The University of New Mexico [ORGANIZATION]

Dr. Smith, 777-777-7777, ssmith@unm.edu [SUPERVISOR’S CONTACT INFORMATION]

Albuquerque, NM, USA [LOCATION]

In continuing my previous research with Dr. Smith’s, I was promoted to a position in the mouse lab and was afforded the opportunity to write a miniature thesis over supplementation in the folate pathway and its effects on mouse lifespans. I have been trained in mouse handling and techniques when conducting animal experiments. I gained not only strong critical thinking skills but having been entrusted to perform complex experiments on my own, I also gained confidence in myself and my capabilities. I am hopeful the skills I have acquired will permeate my future efforts in both medicine and clinical research.

Most Meaningful Experience (MME) Example

I slipped into the lab and grabbed my petri dish with the C. elegans as well as my worm hook. It was a typical day and I began to count which worms had survived and which did not when I realized the only worms left alive were the ones treated with methotrexate. I approached my professor, immensely excited and grinning ear to ear as I indicated that methotrexate seemingly elongated the worm lifespans, via inhibition of enzymes more than any other amino acid supplementation had. This finding was that which allowed us to begin similar testing in mice. This finding was exhilarating and is the first time I experienced the power of scientific inquiry. Through my time working with Dr. Smith, I have become stronger in both academic writing and critical thinking. Learning to ask questions and take on leadership roles in the laboratory broadened my scientific curiosity and reaffirmed my goal to be a lifelong learner. I found a passion for research and hope to continue this as a medical student and physician. Similarly, the skills and growth I have acquired from my research experience form the foundation with which I hope to selflessly serve patients in the future.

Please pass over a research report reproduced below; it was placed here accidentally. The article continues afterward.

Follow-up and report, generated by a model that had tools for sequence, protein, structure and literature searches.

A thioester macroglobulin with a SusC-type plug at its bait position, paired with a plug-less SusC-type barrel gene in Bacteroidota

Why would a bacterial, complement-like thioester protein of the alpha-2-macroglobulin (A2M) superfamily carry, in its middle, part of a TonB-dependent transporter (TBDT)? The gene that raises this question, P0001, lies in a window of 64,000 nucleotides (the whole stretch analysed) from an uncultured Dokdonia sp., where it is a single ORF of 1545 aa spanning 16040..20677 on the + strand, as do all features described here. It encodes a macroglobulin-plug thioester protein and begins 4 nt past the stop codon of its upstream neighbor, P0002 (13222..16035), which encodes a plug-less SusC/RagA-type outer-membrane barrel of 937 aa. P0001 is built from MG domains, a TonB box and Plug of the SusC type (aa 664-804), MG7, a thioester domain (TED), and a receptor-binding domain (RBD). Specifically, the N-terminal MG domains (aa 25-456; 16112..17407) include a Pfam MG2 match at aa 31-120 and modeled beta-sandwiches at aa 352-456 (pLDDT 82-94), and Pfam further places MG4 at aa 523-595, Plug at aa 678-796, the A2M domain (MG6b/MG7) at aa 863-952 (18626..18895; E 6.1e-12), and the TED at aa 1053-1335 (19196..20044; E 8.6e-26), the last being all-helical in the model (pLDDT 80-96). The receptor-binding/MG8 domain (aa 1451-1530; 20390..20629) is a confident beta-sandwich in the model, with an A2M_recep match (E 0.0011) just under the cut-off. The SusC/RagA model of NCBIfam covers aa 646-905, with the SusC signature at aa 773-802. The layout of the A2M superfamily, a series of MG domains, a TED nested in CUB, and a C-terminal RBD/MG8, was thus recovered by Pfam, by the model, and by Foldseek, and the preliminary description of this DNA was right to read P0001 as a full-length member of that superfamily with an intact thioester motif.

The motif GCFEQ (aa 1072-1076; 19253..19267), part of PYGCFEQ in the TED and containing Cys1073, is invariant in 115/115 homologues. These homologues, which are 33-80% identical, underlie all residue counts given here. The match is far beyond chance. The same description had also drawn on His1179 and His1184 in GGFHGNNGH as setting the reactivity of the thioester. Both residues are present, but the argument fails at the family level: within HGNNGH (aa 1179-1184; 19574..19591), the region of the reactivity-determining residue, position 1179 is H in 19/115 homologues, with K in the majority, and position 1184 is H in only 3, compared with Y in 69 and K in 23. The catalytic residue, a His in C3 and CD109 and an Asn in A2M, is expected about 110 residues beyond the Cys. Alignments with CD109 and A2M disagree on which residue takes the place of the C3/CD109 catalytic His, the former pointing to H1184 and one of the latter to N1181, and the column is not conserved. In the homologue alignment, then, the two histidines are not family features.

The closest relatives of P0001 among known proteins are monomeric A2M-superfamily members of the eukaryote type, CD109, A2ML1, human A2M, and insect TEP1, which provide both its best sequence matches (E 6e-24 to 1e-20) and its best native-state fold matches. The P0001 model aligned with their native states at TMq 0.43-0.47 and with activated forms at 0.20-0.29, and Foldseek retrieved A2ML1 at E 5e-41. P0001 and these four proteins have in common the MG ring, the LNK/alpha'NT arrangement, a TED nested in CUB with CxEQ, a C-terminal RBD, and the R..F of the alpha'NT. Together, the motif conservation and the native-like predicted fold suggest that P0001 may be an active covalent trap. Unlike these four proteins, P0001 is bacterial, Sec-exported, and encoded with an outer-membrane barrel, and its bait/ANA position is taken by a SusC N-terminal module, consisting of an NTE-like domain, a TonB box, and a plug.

Overall Tips and Insight

  • Be concise but specific! Too many details can make your entry convoluted and hard to follow. 
  • Use examples and details of which delineate your experiences from other students of whom may have participated in similar experiences. 
  • If you are describing a well-known experience for pre-medical students such as EMT, scribing, medical assistant, etc. you might bypass the basic description of your role and focus on the impact of the experience on you as well as potentially an anecdote demonstrating this. 
  • If not a well-known experience, summarize your roles and responsibilities as opposed to listing every single one. 
  • Be certain to relay the importance of the experience in one way or another. Perhaps the reader can infer this, though with such limited characters, this is something we want to tell the reader upfront.

You will find that through writing these entries, you will need to do a lot of reflecting on your experiences. Including these details in your writing will allow the admissions committee additional insight into who you are and your overall candidacy for medical school since your experiences will often follow a theme such as underserved populations, education, mentorship, etc. Think hard about the culmination of your efforts in each of your activity entries as this may not only produce thoughtful writing in your application but a foundation to build off of for your secondary essays!